Right Whales protesting off Cape Cod this Earth Day

Mike Schuler
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April 22, 2011

An estimated 100 of the 450 North Atlantic Right Whales left in existence have gathered in protest off the shores off Cape Cod this Earth Day in possibly the largest aggregation of the endangered species ever documented.  The whales are reminding boaters and large commercial ships to slow down and keep your distance.  Although a recently passed Federal law prohibits vessels greater than 65 feet in length from exceeding speeds of 10 knots in Cape Cod Bay during this time of year, the whales say more can be done, amassing to the waters off Cape Cod from all over the North Atlantic.

The Whales are also taking advantage of the increased media coverage of the protests, reminding the public that state and federal law prohibits vessels from approaching within 500 yards of a right whale, confirming the Massachusetts Environmental Police and U.S. Coast Guard are ready and authorized to enforce the rule.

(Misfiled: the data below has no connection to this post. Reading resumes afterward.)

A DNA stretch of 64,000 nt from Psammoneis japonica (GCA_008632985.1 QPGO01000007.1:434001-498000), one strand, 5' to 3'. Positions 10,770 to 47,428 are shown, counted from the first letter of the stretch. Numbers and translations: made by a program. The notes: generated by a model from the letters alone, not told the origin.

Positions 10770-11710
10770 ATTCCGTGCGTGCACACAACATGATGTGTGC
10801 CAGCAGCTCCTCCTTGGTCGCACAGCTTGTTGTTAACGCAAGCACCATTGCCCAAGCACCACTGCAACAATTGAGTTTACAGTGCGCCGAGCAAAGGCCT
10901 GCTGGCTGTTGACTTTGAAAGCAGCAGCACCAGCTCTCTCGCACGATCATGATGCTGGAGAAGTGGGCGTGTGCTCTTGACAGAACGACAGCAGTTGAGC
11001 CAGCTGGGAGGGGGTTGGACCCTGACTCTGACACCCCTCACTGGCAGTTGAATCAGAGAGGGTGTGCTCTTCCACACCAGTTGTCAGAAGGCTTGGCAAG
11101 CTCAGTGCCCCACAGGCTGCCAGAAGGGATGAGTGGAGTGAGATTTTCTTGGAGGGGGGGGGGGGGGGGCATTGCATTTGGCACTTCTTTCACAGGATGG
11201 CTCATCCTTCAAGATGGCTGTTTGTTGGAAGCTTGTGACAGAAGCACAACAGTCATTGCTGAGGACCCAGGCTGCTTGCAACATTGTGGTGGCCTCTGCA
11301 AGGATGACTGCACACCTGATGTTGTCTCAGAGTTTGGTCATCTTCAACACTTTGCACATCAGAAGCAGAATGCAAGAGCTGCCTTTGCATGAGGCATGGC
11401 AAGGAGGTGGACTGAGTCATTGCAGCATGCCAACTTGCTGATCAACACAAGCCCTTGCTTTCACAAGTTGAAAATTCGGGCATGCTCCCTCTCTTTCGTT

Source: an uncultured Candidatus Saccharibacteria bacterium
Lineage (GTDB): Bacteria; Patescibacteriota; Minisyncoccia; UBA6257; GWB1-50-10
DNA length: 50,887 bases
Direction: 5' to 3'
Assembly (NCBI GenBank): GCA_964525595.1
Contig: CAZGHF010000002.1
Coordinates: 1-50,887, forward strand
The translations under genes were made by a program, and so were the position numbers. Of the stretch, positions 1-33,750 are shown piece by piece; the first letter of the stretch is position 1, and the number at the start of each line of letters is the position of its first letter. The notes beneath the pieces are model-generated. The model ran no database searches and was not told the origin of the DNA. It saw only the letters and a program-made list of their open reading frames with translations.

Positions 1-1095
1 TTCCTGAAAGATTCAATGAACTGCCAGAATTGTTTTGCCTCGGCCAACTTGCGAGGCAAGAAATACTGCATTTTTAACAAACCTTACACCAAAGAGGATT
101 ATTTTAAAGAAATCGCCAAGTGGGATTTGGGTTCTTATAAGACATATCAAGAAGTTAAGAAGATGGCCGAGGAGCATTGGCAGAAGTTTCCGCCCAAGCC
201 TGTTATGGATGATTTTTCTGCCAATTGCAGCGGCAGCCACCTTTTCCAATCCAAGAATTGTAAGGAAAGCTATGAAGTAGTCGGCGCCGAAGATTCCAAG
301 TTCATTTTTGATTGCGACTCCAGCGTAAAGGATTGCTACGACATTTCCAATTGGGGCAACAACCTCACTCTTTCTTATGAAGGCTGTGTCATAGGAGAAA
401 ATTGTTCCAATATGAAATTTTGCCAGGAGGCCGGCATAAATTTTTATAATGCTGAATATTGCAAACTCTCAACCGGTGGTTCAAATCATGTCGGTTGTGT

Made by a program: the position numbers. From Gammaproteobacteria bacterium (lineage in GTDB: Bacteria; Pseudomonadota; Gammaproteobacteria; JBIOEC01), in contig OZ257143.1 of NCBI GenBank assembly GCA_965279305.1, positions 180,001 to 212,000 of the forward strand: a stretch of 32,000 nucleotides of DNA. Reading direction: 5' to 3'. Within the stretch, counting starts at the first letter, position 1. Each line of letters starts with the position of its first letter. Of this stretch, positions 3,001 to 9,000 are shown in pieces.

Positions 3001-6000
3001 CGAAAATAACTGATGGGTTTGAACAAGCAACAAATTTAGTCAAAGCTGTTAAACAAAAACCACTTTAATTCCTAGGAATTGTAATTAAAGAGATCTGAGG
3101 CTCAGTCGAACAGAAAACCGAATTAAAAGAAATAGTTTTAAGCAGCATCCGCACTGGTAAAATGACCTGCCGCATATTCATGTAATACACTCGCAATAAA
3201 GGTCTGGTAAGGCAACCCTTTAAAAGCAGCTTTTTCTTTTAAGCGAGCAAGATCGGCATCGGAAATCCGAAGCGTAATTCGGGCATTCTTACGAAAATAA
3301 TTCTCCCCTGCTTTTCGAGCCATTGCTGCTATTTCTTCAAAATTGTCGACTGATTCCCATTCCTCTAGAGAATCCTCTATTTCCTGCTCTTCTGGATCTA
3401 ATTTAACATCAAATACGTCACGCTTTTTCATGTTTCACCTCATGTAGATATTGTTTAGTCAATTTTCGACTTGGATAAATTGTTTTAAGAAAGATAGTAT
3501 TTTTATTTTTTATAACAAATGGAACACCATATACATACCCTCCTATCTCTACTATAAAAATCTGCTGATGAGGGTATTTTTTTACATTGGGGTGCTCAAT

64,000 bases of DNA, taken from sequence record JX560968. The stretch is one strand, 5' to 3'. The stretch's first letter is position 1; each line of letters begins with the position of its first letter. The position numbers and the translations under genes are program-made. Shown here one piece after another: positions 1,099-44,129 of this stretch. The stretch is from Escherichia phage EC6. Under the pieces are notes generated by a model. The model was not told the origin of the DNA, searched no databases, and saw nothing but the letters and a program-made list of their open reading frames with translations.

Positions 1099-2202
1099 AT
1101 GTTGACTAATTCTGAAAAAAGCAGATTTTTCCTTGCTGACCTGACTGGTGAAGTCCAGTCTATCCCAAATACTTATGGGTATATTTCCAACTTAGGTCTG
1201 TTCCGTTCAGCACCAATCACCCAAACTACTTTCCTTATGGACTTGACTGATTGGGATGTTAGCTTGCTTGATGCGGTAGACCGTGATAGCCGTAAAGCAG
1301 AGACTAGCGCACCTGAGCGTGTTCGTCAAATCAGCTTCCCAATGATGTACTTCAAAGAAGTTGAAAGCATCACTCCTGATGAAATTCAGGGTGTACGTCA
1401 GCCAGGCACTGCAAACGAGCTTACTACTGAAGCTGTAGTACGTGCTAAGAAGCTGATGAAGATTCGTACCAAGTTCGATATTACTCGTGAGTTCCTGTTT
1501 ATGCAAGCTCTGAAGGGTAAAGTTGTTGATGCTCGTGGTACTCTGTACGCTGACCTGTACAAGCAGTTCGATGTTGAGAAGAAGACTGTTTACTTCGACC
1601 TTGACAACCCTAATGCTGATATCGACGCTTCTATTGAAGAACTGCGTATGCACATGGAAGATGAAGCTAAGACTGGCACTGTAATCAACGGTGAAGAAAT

The Right Whales say vessel traffic in the area increases this time of year with seasonal increases in recreational and commercial fishing, whale watching, and passenger ship activity, increasing their vulnerability to collisions with ships and small pleasure craft alike.  The Right Whales want to remind people that although it is the time to start getting back out on the water, you need to do so cautiously, as it coincides with their migratory route and an especially high abundance of zooplankton this time of year.

Right whales are the most endangered large whale in the North Atlantic, and their slow movements, time spent at the surface, and time spent near the coast make them highly vulnerable human activities, especially being struck by ships.

For more information on the rule protecting North Atlantic Right Whales, known as the Ship Strike Reduction Rule, can be found HERE.

Image via NOAA

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